4 pages/≈1100 words
Describe the Contributions of the Baby Boomer Generation to the Reforms in California (Essay Sample)
The Baby Boom Generation in College and Reforms
The Baby Boom Generation in College and Reforms
We owe the current freedom and equality we enjoy today to the accomplishments of the student movements of the 60â€™s. The student movements of that time, to some extent, were very important in bringing the Jim Crow Racial segregation to an end. These movements also had a hindering influence on the ability of America to blatantly pursue imperialistic foreign policy that had led to the Vietnam. Through the studentsâ€™ movements, the Womenâ€™s Liberation movement was ushered in. The student protest movements led to profound changes to the American society. This is how the Berkeley in the 1960â€™s has been interpreted. The current paper provides evidences from the 1960â€™s to support this interpretation of Berkeley in the 1960â€™s.
It is accurate and proper to state that the movements and protests of the students in the 1960â€™s were fundamental in causing change in the American society. The Free Speech Movement (FSM) of the University of California, located in Berkeley, arranged a protest of many thousands of students. This was held in 20th November 1965, outside a meeting of the Regents of the University of California. The meeting of the Regents was for discussing how the FSM could be dealt with. This movement had developed from the students who had been involved in the Civil Rights movement (Cohen & Zelnik, 2003).
Free Speech Movement was founded by the students who had been involved in the Congress on Racial Equality (CORE), and the Southern Civil Rights movement. There are some Berkeley students who had gone to work with CORE in the summer of 1964 only to return in September 1964. After the arrest of Jack Weinberg in October 1st, many students surrounded the police car in which Jack was being carried away. After 32 hours, he was released after President Clark Kerr of the University of California had worked out a compromise. This is when the FSM was formed. The students formed FSM to fight for the right to free speech (O'Brien, 2002).
They also fought against the Jim Crow segregation policies. On September 30th 1964, the students organized a 10-hour sit in in Sproul Hall, imitating the A&T Four A&T University in Greensboro. The sit-in movements were effective in ushering in the Civil Rights Act. They also sparked and initiated the Womenâ€™s Liberation Movement.
Over many proceeding months, the movement battled with the school administration by use of marches, petitions and arrests. Come December 1964, the students had already achieved their goal. They opened up a political activity in the University of California, Berkeley campus.
The Baby Boom generation are the individuals who were born in the period of 1946-1964 (Russell, 2012). This was a period after the World War II when there was a massive increase in births. In the 1960s, most of the boomers who had been born between 1946 and 1951 had become teenagers. These individuals were influential in accelerating social change. It is the Baby Boom generation that were in college who protested against the segregation against blacks (The master trend, 1994).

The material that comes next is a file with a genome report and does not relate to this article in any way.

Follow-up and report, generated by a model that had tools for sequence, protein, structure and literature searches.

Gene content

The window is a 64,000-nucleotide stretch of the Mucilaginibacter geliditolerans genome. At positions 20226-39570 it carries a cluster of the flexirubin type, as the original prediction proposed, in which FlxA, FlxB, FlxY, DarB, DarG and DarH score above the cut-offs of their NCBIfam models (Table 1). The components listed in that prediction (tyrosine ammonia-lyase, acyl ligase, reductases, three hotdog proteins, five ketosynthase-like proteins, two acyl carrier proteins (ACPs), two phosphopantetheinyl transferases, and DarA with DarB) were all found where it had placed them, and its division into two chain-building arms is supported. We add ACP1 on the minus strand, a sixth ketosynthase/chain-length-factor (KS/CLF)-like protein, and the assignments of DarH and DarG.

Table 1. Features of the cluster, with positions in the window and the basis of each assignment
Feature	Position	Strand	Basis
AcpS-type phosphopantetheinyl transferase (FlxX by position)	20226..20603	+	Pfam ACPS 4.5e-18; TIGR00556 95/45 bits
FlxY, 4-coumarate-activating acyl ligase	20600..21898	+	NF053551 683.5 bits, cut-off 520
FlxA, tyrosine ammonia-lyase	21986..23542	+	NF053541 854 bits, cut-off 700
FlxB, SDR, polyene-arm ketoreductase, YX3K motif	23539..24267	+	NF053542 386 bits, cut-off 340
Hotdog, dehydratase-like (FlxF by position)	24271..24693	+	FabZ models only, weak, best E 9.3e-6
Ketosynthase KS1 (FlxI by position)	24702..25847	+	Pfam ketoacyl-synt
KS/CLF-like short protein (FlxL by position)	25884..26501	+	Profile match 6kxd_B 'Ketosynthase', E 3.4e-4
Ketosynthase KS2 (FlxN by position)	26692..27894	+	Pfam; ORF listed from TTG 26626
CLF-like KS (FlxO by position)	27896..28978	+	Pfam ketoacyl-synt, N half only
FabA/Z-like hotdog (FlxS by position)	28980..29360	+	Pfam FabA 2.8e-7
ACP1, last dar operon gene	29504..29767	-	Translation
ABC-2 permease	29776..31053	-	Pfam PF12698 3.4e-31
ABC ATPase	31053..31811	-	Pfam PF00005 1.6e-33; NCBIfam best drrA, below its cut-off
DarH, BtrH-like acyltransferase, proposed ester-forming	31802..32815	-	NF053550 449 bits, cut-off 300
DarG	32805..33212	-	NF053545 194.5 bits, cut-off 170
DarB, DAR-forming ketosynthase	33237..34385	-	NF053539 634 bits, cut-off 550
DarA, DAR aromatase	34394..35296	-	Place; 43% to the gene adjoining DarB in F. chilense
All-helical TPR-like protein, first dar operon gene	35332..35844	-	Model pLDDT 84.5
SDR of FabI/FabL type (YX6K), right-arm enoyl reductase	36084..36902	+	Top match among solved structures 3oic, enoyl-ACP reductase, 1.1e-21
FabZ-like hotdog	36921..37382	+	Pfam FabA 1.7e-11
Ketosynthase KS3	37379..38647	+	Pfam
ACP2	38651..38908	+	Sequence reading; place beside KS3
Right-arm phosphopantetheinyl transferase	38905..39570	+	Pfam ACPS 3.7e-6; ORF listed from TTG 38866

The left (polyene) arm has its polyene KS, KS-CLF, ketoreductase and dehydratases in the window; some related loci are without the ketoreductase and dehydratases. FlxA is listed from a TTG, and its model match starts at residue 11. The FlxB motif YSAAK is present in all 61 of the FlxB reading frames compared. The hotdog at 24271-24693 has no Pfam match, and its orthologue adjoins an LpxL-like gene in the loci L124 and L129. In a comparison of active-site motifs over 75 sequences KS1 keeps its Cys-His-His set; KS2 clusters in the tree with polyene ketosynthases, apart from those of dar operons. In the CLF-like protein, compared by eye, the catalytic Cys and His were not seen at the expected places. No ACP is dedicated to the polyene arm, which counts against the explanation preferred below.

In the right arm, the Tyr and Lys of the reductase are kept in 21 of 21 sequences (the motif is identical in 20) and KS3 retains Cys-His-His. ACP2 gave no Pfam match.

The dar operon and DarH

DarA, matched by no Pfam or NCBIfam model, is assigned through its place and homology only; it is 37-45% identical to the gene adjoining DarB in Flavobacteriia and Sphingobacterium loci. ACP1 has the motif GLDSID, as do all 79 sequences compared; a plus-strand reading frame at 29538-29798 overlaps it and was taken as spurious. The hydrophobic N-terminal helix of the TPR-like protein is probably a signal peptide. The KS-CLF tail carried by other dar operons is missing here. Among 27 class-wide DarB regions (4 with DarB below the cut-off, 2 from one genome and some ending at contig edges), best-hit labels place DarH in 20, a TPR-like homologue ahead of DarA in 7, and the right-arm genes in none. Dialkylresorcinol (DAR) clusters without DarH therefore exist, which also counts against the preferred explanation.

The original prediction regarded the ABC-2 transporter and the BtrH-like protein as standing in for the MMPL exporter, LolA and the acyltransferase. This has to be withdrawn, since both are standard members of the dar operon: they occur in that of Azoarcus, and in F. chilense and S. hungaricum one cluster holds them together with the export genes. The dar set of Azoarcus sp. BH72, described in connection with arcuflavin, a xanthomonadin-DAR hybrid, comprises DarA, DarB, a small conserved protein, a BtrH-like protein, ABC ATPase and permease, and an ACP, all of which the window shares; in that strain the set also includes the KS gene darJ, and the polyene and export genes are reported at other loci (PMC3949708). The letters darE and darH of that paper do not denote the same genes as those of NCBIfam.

Ezell Blair, Franklin McCain, Joseph McNeil and David Richmond, the A&T Four, were all members of the Baby Boom generation. They are the ones who started up the famous sit-in movements in 1st February 1960. They were all freshmen at the A&T University in Greensboro, North Carolina. As a result of the sit-in protests, the civil rights Bill was passed massively by the Congress. The National Public Accommodations Act was also formulated as a result of the protests. It was from the bravery, courage and unrelenting spirit of the four that powered the protests that ended up being the model and the inspiration for the civil rights, anti-war and womenâ€™s liberation movements that followed (Franz & McClelland, 1994).
Free Speech Movement was inspired by the CORE, which was also inspired by the A&T Four protests. In turn, the FSM was a symbol of student activism. It also influenced the Civil Rights movement on the California students (Cohen & Zelnik, 2003). CORE was a national Civil Rights Organization that was dedicated to bringing an end to racial discrimination and segregation. The success of the students to achieve free speech and political activity in the university greatly influenced the Civil Rights movements outside the South. The activism of the students also prepared the way for subsequent California students who would concentrate on the Vietnam War and promote political power for the people of color (Schrecker, 2003).
When Californiaâ€™s attention was drawn to the Vietnam War in 1965, the students held the Vietnam War demonstrations. However, the nature of protests had changed. Instead of the non-violent protests that were held before, the students were more violent in their protests and the police were increasingly used I controlling riots. Students sought riots for the fun of it, and it drew non-students from outside the University of California. The campus buildings got firebombed over the ROTC crisis (Thomas, 2008). Later on, Free Huey movement was held so that Huey P. Newton who had been arrested for shooting a police officer, could be released (Cohen & Zelnik, 2003). Police confrontations were more rampant, including the 1969 march with the National Guard troops (Schrecker, 2003).
In the 1960s, the teenagers were massively breaking away from the popular culture in terms of their behaviors and appearance. They developed new lifestyles including drug experimentations and new forms of music. Among the black girls, the Afro hairstyle became the trend. Many of the teenagers became political activists while others just d...
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